“On a snowy Paris evening in 2008, Travis Kalanick and Garrett Camp had trouble hailing a cab,” reads the “Our Story” section of a popular ride-sharing service’s website. It continues, “So they came up with a simple idea—tap a button, get a ride.” Indeed, tap a button is, more or less, all that one has to do to get from A to B in most major cities in the world. The convenience and affordability of Uber—the idea that spawned during the snowy evening in Paris—took cities by storm, and its popularity made billionaires out of Kalanick and Camp.
Yet, Uber is only a big slice of the ever growing pie that is the “sharing economy.” Airbnb’s $10 billion valuation surpasses that of Hyatt Hotels, and Uber’s $62.5 billion valuation is on par with those of GM, Ford, and Honda. Services like Lyft, TaskRabbit, and Rover are all on track to upset the incumbents in their respective sectors. While all indications show that the players in the sharing economy should have a smoother ride, government red-tape and industry inertia seem to be limiting them in their bid to bring much needed overhaul to many of the services that we have gotten used to. Bringing efficiency and transparency to transportation, rental housing, and business reviews should be a welcome initiative and a dialogue-starter, not one to be met with intimidation and violent strikes.
Large trade unions and established industries have a vested interest in maintaining their grip on their respective sectors, and they have a right to voice out their concerns as long as they strive for meaningful negotiations with those who want to reform the market. But that does not seem to be the case, instead taxi-labor unions have mostly attempted to modify their competition instead of adapting to it. Their demands mainly consist of unreasonable requests to completely shut down competing services, or requests to increase competitors’ prices.
Last January in Paris for instance, thousands of cab drivers started fires that blocked roads and disrupted traffic. They were protesting against competition from Uber and other ride-sharing services. According to the BBC, at least 20 of them were arrested for “violence, carrying weapons, and starting fires.” The fact that they have to resolve to such means of advancing their grievances highlights their recalcitrant attitude.
Nearly five years ago, Marc Andreessen, a Silicon Valley titan and co-founder of the venture capital firm Andreessen-Horowitz, wrote, “Software is eating the world.” The expression has since become the de-facto characterization of the transformation that various industries are undergoing in this technological era. And no field of business was more ripe and ready for a complete overhaul than the taxi services industry. Perhaps, the taxi-drivers’ union leaders did not get the memo, but if a business can provide a service cheaper, more efficiently and with greater convenience to its customers, it is a no-brainer that the market will favor that specific provider.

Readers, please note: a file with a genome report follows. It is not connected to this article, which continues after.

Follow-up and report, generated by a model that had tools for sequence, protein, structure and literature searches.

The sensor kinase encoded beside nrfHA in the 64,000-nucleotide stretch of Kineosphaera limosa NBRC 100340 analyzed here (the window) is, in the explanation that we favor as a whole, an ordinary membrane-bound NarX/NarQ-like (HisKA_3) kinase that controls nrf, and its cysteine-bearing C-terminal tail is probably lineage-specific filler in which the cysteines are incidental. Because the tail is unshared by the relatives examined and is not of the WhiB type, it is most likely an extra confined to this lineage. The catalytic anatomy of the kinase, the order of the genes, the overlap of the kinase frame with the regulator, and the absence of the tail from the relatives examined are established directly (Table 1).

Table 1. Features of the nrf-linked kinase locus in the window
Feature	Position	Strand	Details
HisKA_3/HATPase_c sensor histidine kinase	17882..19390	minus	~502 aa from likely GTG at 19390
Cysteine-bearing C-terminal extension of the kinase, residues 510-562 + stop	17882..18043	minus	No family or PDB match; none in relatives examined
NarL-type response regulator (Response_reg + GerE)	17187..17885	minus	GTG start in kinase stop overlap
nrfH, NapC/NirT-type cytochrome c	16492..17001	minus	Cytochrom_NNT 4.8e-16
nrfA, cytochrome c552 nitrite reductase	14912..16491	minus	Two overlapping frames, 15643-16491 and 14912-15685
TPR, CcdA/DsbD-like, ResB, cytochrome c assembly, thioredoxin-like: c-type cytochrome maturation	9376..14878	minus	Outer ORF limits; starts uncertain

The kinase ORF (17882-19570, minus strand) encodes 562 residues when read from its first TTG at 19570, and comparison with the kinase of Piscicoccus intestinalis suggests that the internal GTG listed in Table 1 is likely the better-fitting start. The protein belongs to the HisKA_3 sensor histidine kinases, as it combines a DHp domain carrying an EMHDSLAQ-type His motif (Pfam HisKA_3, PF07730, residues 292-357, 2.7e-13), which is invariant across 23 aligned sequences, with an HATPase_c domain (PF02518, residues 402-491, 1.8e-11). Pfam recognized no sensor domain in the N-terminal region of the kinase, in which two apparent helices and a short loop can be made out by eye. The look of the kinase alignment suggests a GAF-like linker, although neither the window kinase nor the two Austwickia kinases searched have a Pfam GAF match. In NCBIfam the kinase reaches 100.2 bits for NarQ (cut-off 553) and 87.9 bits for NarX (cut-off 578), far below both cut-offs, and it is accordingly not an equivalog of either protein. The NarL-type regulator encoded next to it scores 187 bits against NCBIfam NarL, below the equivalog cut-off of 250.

That is not to say that the business model of the likes of Uber is without faults. The debate on whether Uber drivers should be classified as employees or independent contractors is still playing out in courts across the country. The largest court case in this debate is a class action lawsuit by drivers alleging that they have been misclassified as independent contractors, and that Uber should cover the maintenance, traffic, and fuel costs of the fleet. Also under scrutiny is the way Uber splits fares with drivers. The company recently lowered prices for customers but increased its cut from 20% to 25% of every ride. These are, however, only kinks that will have to be ironed as we transition into a “gig-economy.”
Going forward, innovativeness, open-mindedness, transparency, and a willingness to engage in dialogue are the qualities that we need as we face a future in which technology bleeds into every aspect of our lives. In contrast, the desire for consistency, and the tendency to get ensconced upon becoming established, will be the pitfalls for many a business. And unless the traditionally lethargic industries wake up and integrate technology into the way they offer their products or services, Andreessen Horowitz’s words will surely come back to haunt them.